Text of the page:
The point of contribution limits isn't to make elections cheaper; it's to limit the ability of the very wealthy to dominate politics.
One of the most confusing terms in the media discussion is "objectivity." In philosophy, it refers to a belief in a reality independent of the conscious mind, generally one that can more or less be known and meaningfully discussed. In journalism, on the other hand, it means "don't scare away any potential customers." "Objective" journalism emerged as newspapers realized that they were alienating potential readers by positioning themselves as a paper that saw the world through the lens of a particular party. Why be a Whig paper or a Tory paper, in other words, when you could be an independent […]
It's been widely reported that on May 25, pro-Syrian forces massacred 108 civilians in the Syrian village of Houla, including 34 women and 49 children, many of whose throats were cut. The reported atrocity has sparked the latest round of appeals for intervention in the conflict in Syria. Syrian diplomats have been expelled from several countries over the massacre, including by U.S., Britain, France, Australia and Canada; "Syrian Diplomats Expelled Across World as Outrage Over Houla Massacre Grows," the British Guardian (5/29/12) declared. "Who Will Stop the Massacres?" asked the headline on a May 29 Washington Post editorial. As the editors […]
Fox Sports, covering a football game between the Chicago Bears and Atlanta Falcons (9/11/11), put up a bunch of headlines about Bears quarterback Jay Cutler's knee problems: Cutler Leaves With Injury Cutler Lacks Courage Cutler's No Leader "These are the actual headlines from the local papers in Chicago," announcer Daryl Johnston declared. Wow, were the local papers really that harsh? Reporters from the Chicago Tribune remembered the press being pretty supportive of the injured player, actually, and accordingly suspected funny business. After their search of papers all over Illinois turned up no such headlines, Fox Sports admitted they had just […]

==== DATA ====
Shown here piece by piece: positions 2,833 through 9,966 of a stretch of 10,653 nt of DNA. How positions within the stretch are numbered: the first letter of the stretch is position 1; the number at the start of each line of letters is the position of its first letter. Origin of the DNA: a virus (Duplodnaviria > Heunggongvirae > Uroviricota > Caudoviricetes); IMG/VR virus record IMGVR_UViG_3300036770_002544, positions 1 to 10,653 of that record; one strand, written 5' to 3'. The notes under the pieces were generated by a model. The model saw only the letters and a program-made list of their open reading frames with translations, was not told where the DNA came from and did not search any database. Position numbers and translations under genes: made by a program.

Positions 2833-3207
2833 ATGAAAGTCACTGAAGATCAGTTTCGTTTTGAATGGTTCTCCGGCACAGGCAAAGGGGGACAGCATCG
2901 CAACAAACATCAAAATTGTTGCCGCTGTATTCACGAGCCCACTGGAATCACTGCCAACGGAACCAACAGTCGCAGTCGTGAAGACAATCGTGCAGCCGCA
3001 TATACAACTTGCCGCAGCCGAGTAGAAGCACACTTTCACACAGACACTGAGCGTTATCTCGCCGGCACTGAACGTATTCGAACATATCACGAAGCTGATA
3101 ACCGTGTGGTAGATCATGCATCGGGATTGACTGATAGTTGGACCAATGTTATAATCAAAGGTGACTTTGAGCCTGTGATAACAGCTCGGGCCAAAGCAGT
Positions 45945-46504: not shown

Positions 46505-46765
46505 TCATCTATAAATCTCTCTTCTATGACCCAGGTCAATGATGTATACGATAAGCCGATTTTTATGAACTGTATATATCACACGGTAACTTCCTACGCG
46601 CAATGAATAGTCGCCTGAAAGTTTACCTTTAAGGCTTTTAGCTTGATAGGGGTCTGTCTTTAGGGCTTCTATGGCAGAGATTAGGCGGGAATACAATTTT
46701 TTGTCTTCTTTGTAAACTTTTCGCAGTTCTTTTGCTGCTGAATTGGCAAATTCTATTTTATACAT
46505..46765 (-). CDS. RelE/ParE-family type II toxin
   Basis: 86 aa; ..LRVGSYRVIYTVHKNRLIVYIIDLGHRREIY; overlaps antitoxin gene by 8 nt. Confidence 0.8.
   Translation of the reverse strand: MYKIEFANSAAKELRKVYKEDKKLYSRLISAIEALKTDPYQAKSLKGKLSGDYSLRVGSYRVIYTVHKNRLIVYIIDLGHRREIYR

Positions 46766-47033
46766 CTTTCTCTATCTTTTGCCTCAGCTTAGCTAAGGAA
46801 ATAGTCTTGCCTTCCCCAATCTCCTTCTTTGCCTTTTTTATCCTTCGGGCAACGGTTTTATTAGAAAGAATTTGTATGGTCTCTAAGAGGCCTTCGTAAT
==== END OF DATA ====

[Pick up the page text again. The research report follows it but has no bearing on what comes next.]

Amanda Hess, a blogger for Washington City Paper, wrote a sharp deconstruction (11/30/09) of Chicago Tribune advice columnist Amy "Ask Amy" Dickinson's victim-blaming response (11/27/09) to a woman who wanted to know whether she was a victim of rape: Were you a victim? Yes. First, you were a victim of your own awful judgment. Hess points out Dickinson's disparate treatment of victim and perpetrator: You donÃƒÆ’Â¢ÃƒÂ¢”Å¡Â¬ÃƒÂ¢”Å¾Â¢t say whether the guy was also drunk. If so, his judgment was also impaired. Or as Hess translates: "Your judgment was 'awful'; your rapist's judgment was merely 'impaired.'" The most stunning part of the […]